Steven Carr said...

Dawkins writes about McGrath 'the undeniable but ignominiously weak point that you cannot disprove the existence of God.'

Dawkins says McGrath's point is 'undeniable'.

Why then does McGrath continue to promote the line that Dawkins is an atheist, when Dawkins readily admits that you cannot disprove the existence of God?

Of course, McGrath is quite right that Dawkins is not up to date with the latest arguments in theology.

Take this irrefutable disproof of God.

1) God is a necessary being and exists in all logically possible worlds.

2) God is supposedly omniscient, omnipotent, and omnibenevolent

3) Therefore , suppose a omniscient, omnipotent, and omnibenevolent being exists in all possible worlds

4) Many logically possible worlds contain large amounts of suffering with no redeeming features.

5) Therefore these logically possible worlds do not contain a being who would alleviate pointless suffering

6) Therefore there are logically possible worlds that do not contain an omniscient, omnipotent, and omnibenevolent being.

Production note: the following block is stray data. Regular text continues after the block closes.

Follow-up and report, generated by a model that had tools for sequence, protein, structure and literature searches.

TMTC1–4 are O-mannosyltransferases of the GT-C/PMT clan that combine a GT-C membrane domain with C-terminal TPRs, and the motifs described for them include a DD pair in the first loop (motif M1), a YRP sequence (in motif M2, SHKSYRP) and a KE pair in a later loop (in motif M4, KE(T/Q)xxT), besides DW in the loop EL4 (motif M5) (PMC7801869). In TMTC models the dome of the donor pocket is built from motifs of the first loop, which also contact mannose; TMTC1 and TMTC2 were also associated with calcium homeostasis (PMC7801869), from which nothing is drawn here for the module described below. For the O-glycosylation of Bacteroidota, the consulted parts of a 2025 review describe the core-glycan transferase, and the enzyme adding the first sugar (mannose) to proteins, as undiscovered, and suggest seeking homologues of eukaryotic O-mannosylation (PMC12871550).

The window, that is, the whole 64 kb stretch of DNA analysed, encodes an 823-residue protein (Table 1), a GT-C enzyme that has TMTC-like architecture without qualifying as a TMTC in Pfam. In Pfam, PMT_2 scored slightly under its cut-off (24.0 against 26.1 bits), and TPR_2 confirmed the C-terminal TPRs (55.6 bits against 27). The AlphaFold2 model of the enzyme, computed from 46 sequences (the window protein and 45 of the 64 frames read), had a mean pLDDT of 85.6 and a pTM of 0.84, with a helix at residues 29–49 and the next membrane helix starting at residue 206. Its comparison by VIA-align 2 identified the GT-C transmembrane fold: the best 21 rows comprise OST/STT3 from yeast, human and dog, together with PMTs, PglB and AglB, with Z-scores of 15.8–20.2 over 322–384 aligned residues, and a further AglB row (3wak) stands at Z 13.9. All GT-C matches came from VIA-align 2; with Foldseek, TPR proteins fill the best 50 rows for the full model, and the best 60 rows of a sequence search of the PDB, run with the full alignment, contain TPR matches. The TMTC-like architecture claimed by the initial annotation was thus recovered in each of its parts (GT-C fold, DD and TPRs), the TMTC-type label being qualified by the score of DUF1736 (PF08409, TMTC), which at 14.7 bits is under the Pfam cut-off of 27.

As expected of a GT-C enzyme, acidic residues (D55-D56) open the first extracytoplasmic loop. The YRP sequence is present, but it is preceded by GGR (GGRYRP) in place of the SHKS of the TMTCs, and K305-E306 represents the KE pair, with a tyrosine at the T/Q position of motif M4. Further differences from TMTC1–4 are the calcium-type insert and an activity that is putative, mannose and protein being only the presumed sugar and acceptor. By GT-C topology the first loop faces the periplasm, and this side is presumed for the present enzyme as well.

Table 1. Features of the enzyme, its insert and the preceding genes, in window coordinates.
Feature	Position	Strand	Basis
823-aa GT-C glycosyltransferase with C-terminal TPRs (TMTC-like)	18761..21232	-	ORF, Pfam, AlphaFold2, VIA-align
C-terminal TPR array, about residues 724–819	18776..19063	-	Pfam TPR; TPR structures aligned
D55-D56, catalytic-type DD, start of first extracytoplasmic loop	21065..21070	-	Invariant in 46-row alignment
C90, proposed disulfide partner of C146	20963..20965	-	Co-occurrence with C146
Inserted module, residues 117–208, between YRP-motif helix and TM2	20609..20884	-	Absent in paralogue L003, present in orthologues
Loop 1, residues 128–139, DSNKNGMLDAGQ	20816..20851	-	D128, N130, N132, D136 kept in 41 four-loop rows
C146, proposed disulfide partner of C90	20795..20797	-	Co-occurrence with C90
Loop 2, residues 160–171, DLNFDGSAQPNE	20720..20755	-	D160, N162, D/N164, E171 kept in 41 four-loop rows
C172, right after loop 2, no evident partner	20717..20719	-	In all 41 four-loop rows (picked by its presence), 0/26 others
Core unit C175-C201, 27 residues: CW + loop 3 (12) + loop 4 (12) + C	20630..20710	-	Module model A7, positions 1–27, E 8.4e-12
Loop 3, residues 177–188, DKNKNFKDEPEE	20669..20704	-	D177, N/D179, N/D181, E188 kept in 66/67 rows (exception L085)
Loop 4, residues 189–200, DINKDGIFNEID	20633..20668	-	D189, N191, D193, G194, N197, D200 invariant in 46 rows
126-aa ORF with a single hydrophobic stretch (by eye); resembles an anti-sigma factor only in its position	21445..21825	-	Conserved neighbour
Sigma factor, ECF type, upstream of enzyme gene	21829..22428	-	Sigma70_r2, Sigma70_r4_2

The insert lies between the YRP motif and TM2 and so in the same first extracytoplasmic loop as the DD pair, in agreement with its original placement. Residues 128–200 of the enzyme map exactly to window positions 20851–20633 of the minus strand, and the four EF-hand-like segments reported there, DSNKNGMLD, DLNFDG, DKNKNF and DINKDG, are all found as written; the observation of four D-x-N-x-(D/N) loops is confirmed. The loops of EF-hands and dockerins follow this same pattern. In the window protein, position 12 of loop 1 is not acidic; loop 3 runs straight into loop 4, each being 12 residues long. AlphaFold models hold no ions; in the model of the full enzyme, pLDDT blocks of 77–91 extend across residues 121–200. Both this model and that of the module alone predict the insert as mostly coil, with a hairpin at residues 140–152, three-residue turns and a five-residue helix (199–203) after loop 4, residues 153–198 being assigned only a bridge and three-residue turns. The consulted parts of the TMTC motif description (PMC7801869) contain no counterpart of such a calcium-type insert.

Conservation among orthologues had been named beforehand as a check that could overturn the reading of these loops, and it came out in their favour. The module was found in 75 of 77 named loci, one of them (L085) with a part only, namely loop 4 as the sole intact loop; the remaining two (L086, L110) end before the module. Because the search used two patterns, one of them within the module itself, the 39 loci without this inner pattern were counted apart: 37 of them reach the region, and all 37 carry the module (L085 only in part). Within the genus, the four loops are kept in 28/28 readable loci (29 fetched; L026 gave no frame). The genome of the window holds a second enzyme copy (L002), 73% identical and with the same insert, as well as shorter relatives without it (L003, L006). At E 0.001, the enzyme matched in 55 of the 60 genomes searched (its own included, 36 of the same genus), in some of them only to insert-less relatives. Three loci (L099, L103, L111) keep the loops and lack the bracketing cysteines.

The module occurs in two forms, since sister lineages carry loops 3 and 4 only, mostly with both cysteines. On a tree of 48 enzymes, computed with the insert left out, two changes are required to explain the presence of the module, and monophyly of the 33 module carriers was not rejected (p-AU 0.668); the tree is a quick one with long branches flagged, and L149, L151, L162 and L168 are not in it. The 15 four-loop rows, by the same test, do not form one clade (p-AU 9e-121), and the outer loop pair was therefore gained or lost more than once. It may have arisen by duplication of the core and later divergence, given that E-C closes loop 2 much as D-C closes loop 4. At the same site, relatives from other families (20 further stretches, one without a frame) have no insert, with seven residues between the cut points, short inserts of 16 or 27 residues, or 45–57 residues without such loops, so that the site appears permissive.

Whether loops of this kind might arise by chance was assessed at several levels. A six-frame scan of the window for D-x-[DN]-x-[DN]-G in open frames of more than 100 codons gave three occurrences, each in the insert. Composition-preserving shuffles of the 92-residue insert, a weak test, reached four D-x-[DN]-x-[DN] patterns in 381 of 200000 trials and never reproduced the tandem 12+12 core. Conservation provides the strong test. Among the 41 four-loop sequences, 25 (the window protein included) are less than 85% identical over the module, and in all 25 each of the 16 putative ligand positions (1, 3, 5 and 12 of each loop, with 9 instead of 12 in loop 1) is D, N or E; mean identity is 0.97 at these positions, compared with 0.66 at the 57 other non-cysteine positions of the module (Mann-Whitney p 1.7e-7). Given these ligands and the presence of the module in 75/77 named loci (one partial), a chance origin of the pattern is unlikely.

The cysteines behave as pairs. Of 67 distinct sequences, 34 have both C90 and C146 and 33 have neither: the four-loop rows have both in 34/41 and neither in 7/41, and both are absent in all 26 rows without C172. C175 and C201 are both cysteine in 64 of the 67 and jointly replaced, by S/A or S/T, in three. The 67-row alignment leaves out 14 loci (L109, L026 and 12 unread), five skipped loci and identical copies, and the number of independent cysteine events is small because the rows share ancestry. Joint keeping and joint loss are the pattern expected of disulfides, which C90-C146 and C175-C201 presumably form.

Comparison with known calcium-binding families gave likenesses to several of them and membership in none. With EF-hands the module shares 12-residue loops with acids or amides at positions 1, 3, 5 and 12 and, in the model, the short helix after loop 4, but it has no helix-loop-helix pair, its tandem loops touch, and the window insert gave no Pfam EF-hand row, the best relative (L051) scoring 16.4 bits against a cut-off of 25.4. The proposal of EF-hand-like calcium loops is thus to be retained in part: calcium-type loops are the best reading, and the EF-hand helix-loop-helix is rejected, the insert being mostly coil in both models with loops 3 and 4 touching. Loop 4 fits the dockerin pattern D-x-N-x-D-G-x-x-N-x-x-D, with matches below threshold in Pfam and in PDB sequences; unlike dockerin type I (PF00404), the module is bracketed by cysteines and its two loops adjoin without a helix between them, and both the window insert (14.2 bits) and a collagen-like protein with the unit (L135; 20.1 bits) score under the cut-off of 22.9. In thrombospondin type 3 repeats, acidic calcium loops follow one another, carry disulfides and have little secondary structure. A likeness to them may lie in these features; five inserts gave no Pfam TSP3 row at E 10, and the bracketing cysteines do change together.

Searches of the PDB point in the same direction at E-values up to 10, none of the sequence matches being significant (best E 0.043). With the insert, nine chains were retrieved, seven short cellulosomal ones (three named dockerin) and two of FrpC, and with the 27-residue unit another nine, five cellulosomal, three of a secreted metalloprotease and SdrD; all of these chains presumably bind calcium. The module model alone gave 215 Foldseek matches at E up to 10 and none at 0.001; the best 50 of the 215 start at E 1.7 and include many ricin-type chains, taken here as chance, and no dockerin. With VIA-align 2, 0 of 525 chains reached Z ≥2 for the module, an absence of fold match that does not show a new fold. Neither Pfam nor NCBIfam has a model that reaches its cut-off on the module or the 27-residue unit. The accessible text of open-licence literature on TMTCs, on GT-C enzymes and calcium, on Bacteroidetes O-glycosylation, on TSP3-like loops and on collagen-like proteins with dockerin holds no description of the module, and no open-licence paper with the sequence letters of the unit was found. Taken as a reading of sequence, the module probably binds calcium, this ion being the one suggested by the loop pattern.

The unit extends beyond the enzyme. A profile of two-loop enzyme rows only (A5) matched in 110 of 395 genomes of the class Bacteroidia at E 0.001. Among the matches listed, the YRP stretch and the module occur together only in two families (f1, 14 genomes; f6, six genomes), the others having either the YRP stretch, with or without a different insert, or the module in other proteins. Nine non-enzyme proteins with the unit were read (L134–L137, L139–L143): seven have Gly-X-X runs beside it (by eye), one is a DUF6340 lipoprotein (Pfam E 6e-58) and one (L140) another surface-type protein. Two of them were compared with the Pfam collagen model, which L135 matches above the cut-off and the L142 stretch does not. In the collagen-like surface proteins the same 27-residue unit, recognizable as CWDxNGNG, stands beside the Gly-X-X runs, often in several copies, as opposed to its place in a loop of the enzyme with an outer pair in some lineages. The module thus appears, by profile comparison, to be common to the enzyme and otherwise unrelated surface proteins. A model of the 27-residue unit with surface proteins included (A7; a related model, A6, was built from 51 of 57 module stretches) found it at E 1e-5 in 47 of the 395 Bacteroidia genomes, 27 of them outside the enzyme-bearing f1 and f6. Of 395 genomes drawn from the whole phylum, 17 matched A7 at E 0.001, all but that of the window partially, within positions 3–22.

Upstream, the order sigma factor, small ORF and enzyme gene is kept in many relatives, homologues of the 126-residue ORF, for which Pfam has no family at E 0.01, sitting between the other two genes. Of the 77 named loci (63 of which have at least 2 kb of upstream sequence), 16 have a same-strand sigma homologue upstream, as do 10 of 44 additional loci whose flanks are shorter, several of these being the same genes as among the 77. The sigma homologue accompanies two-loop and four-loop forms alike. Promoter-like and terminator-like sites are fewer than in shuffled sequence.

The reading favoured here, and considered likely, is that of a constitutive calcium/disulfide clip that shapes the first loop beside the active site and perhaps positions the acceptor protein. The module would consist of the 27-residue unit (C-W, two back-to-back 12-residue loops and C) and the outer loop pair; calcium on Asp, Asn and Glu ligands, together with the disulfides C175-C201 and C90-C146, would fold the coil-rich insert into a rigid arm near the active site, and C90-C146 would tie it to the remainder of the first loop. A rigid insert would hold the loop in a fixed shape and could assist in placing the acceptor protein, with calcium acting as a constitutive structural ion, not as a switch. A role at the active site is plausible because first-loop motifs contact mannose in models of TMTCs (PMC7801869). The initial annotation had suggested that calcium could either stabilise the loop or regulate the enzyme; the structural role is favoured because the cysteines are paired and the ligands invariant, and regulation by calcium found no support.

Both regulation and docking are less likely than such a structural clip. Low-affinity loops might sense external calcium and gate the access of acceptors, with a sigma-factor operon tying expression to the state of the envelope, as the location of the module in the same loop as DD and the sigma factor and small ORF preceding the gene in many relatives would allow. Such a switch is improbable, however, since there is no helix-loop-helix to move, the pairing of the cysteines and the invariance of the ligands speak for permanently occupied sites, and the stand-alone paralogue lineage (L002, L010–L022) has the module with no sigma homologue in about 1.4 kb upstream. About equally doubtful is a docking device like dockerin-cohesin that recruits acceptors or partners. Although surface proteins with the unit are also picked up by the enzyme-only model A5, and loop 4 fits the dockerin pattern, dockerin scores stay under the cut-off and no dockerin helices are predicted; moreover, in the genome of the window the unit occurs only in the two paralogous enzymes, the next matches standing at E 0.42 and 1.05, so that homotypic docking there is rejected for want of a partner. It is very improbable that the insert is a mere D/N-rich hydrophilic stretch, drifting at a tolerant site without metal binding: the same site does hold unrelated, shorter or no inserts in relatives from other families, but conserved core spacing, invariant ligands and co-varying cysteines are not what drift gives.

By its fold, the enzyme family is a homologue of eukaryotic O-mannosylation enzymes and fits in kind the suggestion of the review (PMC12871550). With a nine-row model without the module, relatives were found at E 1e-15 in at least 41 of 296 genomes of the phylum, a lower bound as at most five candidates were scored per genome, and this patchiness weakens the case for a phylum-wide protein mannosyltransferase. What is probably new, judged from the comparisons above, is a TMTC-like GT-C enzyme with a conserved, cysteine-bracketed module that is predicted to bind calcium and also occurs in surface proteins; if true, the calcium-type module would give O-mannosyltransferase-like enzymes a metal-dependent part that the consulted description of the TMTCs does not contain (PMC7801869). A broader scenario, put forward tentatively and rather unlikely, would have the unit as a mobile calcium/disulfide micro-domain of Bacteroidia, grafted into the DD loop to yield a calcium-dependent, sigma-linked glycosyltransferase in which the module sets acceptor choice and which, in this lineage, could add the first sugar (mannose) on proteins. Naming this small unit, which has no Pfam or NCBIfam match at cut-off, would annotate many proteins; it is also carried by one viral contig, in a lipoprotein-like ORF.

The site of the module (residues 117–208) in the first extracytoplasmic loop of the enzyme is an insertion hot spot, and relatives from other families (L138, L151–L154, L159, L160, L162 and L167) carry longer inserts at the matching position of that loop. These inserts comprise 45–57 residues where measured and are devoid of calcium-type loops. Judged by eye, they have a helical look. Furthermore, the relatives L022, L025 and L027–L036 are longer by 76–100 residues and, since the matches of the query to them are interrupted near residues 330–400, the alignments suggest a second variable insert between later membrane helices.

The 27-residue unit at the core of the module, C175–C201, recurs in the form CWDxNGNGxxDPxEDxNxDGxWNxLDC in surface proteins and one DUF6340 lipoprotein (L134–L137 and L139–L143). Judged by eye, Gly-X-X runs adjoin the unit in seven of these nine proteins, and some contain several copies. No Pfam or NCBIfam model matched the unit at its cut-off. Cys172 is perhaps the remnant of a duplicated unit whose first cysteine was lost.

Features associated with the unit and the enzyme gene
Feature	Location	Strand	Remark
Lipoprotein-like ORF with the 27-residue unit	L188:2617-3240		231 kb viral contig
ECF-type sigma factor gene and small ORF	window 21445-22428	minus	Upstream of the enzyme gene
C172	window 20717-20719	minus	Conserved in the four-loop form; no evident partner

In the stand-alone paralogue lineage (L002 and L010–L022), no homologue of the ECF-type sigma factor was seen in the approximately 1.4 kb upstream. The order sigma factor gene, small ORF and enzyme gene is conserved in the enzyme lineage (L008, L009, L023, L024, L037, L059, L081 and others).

7) But this contradicts 3, showing that there is no necessary omniscient, omnipotent, and omnibenevolent being.

John said...

'McGrath then pointed out that atheism itself is faith. Science does not prove or disprove God, so anything except agnosticism requires going beyond the scientific evidence.'

Dawkins says in the book that he cannot say with certainty that there is no God.

Now that is encouraging. Does he still claim science has disproved Christianity?

So I guess that makes him an agnostic in the eyes of McGrath, which is what McGrath says we should all be.

McGrath certainly doesn't claim we should only believe what can be proved by science. Do you? Does Dawkins?

John said...

Oh, and I thought your "irrefutable disproof" was quite funny.

In case anyone can't see why it's funny, point 4 assumes point 5 in its definition of "logically possible".

And that combined with the assumptions underlying point 1 (as to God's necessity) mean the argument actually assumes that God doesn't exist, then goes on to prove it. Impressive...